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When there’s a public perception that government offers favorable treatment to some, while neglecting others, something needs to change.

Such a perception is exactly what’s wrong with the Havre de Grace Municipal Yacht Basin. For decades, the perception has been that people who are well-connected get first crack at the bargain boat slips in the marina.

While anecdotal evidence for this is legion, very little can be documented, largely because documents don’t exist that would show one way or another how, for example, waiting list issues were handled.

The mayor and city council of Havre de Grace have lately been pursuing a way, in the words of Councilman Jim Miller, to “get it [the marina] back under control.”

They’ve got their work cut out for them.

Former city councilman Stephen Gamatoria, who recently completed a yearlong stint as interim marina manager, recently offered a report with more than 50 recommendations for improving the operation of the marina, and these recommendations need to be given serious consideration.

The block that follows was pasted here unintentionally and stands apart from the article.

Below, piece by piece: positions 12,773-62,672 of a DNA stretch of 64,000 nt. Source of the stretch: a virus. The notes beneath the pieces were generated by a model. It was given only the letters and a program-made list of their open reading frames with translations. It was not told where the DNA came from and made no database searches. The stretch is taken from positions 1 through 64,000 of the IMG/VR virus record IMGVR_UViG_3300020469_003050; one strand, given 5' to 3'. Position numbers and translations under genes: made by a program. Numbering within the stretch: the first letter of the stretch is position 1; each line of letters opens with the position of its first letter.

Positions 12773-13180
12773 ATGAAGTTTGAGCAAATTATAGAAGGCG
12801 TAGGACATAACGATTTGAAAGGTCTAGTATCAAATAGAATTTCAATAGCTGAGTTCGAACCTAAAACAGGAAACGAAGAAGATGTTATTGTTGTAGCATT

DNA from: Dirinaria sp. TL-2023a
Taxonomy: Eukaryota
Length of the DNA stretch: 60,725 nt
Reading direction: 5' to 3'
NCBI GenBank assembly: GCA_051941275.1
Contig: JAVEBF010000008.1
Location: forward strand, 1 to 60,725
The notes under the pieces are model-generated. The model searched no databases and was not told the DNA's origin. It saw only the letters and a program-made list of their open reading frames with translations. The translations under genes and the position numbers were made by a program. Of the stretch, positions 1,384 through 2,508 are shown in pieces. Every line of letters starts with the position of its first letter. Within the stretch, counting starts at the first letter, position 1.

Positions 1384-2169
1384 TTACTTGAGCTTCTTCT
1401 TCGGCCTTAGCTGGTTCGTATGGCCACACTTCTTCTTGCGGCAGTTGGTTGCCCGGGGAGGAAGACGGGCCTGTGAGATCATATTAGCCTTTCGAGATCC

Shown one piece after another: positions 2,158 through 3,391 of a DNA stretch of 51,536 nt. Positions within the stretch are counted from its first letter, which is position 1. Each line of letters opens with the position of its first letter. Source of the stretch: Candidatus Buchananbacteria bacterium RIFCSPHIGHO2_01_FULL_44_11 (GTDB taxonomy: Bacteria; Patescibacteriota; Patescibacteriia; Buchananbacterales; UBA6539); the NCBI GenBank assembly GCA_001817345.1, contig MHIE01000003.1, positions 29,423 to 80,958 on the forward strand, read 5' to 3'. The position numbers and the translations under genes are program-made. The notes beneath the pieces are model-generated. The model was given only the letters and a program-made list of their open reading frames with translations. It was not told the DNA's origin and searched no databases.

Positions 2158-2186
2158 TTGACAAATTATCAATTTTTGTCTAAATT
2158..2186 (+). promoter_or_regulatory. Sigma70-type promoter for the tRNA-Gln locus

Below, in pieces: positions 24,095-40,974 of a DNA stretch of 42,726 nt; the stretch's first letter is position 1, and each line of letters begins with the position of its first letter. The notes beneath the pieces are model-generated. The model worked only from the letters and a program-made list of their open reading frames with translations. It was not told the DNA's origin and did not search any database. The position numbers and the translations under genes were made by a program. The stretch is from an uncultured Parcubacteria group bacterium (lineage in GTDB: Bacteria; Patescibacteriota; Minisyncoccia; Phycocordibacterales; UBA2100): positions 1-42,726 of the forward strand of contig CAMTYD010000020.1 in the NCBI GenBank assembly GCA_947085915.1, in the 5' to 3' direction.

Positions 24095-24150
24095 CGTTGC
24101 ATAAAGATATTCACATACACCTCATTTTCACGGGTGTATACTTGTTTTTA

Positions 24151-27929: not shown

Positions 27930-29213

Though privatization has sometimes been discussed, it’s financially not practical. Over the decades, the yacht basin has received large sums of money from the Maryland Waterway Improvement Fund, which is funded by a tax on the sale of boats. The cost of making the marina private would involve paying this money back to the state. Furthermore, the marina can’t be divided from The Promenade and Tydings Park.

Councilman Miller has suggested the marina be run by a commission of appointed citizens, presumably akin to the city planning commission or the board of zoning appeals.

There’s a possibility this could work, but Miller’s assertion that “It takes the politics out of it ...” doesn’t necessarily carry the day. Certainly the planning commission and appeals board have faced criticism that they were showing favoritism.

An option not often mentioned that might be feasible is putting the marina’s operation out to bid and allowing a for-profit business to handle the day-to-day affairs by contract with the city.

As is the case in any venture, there isn’t likely to be an option with no down sides. However the city ends up dealing with the marina, meaningful change needs to take place and that change needs to include making the details of the operation of the yacht basin open to the general public.

Anything less will just perpetuate the public perception that slips in the marina are doled out to those who are politically well connected in Havre de Grace.


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